The people behind “Moonlight” are making indie films that tap into the zeitgeist—and turn a profit

Director Barry Jenkins at a screening for “Moonlight.”
Director Barry Jenkins at a screening for “Moonlight.”
Image: AP Images/Steve Cohn/Invision for A24
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In August 2015, the indie film studio A24 launched a Twitter account for a goat, using a few choice words.

The cryptic account, which Vulture investigated, was for a small but integral character in the horror flick The Witch—the studio’s first widely released film. The account garnered a few dozen followers (it now has more 10,000) with, frankly, terrible jokes and bad internet speak (“How good is goat cheese? sort spensy but I get it for free cuz I’m a goat LOLZ.”) And it cost-effectively tapped into a growing trend on the web that brought the movie to an audience that already had a cultural affinity for it.

Goats, evidently, were big in 2015.

“A lot of the money issues in Hollywood have to do with trying to manufacture something cultural,” David Fenkel, who co-founded the New York-based film company with Daniel Katz, told the Wall Street Journal (paywall). “Buying billboards and big TV spots and forcing a movie down people’s throats… If we build a campaign around a cool interactive goat who creeps you out on his own website and on Twitter, saying crazy things that go viral, it becomes cultural organically.”

That’s the blueprint A24 follows for its releases—including the moving meditation on masculinity, sexuality, and African-American life that is Moonlight, directed by Barry Jenkins. It was the first to be financed by A24, which packages and distributes movies, and Jenkins’s title was promoted with stunning and evocative artwork that matched the beauty and tone of the film.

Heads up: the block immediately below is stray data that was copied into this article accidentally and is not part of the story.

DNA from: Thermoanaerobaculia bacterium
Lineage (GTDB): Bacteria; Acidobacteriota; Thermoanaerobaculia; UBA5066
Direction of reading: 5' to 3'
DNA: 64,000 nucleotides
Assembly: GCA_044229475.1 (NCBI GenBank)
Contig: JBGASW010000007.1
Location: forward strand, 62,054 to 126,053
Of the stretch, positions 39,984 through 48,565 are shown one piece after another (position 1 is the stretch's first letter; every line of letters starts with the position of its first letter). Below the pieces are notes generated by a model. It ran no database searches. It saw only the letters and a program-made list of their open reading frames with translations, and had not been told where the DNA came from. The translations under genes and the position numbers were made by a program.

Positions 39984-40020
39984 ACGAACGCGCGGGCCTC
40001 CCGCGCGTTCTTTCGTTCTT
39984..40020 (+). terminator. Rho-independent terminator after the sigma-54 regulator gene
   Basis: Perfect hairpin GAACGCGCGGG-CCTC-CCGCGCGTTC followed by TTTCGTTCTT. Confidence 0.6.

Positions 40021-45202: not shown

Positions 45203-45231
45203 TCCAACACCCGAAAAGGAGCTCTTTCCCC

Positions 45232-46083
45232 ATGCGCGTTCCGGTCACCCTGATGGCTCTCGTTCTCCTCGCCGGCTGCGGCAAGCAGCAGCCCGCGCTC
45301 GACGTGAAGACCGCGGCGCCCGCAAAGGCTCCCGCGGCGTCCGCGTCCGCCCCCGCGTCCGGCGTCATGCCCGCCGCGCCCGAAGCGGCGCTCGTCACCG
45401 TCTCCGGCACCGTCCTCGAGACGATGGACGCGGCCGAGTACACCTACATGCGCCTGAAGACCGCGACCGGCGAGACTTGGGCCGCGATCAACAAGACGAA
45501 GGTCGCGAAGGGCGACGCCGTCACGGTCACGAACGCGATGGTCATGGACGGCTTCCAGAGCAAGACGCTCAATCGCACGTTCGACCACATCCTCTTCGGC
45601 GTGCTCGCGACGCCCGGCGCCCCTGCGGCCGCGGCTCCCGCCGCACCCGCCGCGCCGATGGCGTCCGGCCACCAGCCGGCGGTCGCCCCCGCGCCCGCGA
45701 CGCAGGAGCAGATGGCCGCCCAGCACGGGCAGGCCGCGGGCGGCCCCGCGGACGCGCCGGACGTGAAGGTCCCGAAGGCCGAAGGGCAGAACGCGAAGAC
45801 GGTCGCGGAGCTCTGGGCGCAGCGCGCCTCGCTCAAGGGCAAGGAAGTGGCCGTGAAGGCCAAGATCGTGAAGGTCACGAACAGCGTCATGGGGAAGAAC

Moonlight just scored eight nominations for the 2017 Academy Awards, including best picture.

A24’s method of packaging films is one of the key differences between how the hipster, indie-film company does business compared to most Hollywood studios. For example, A24 is distributing actor Jonah Hill’s directorial debut, Mid-’90s, and before he event started shooting, he was reportedly invited to the company’s offices to talk its entire 50-person staff through the movie.

“Now everyone who’ll be putting out trailers, doing the artwork—doing everything—is deeply familiar with the emotions and ideas going into it, before it’s even been made,” Hill told the Journal.

At a time when movie studios are outspending each other to the top, A24’s unconventional methods have helped it capitalize on “cool,” quirky mid-budget films that hit on cultural touchstones, such as the hazy, genre-less Spring Breakers and Room, a thriller starring Brie Larson, who won an Oscar for that role last year.

Many of these movies are also profitable—proving the use case for this type of business model. Moonlight reportedly cost a modest $5 million to make—nothing compared to other best picture contenders like Arrival, which reportedly had a production budget of $47 million—and has so far grossed more than $16 million at the US box office, according to Box Office Mojo.

Spring Breakers grossed $32 million worldwide on a $5 million production budget. And The Witch, acquired for roughly $1 million, grossed $40 million globally.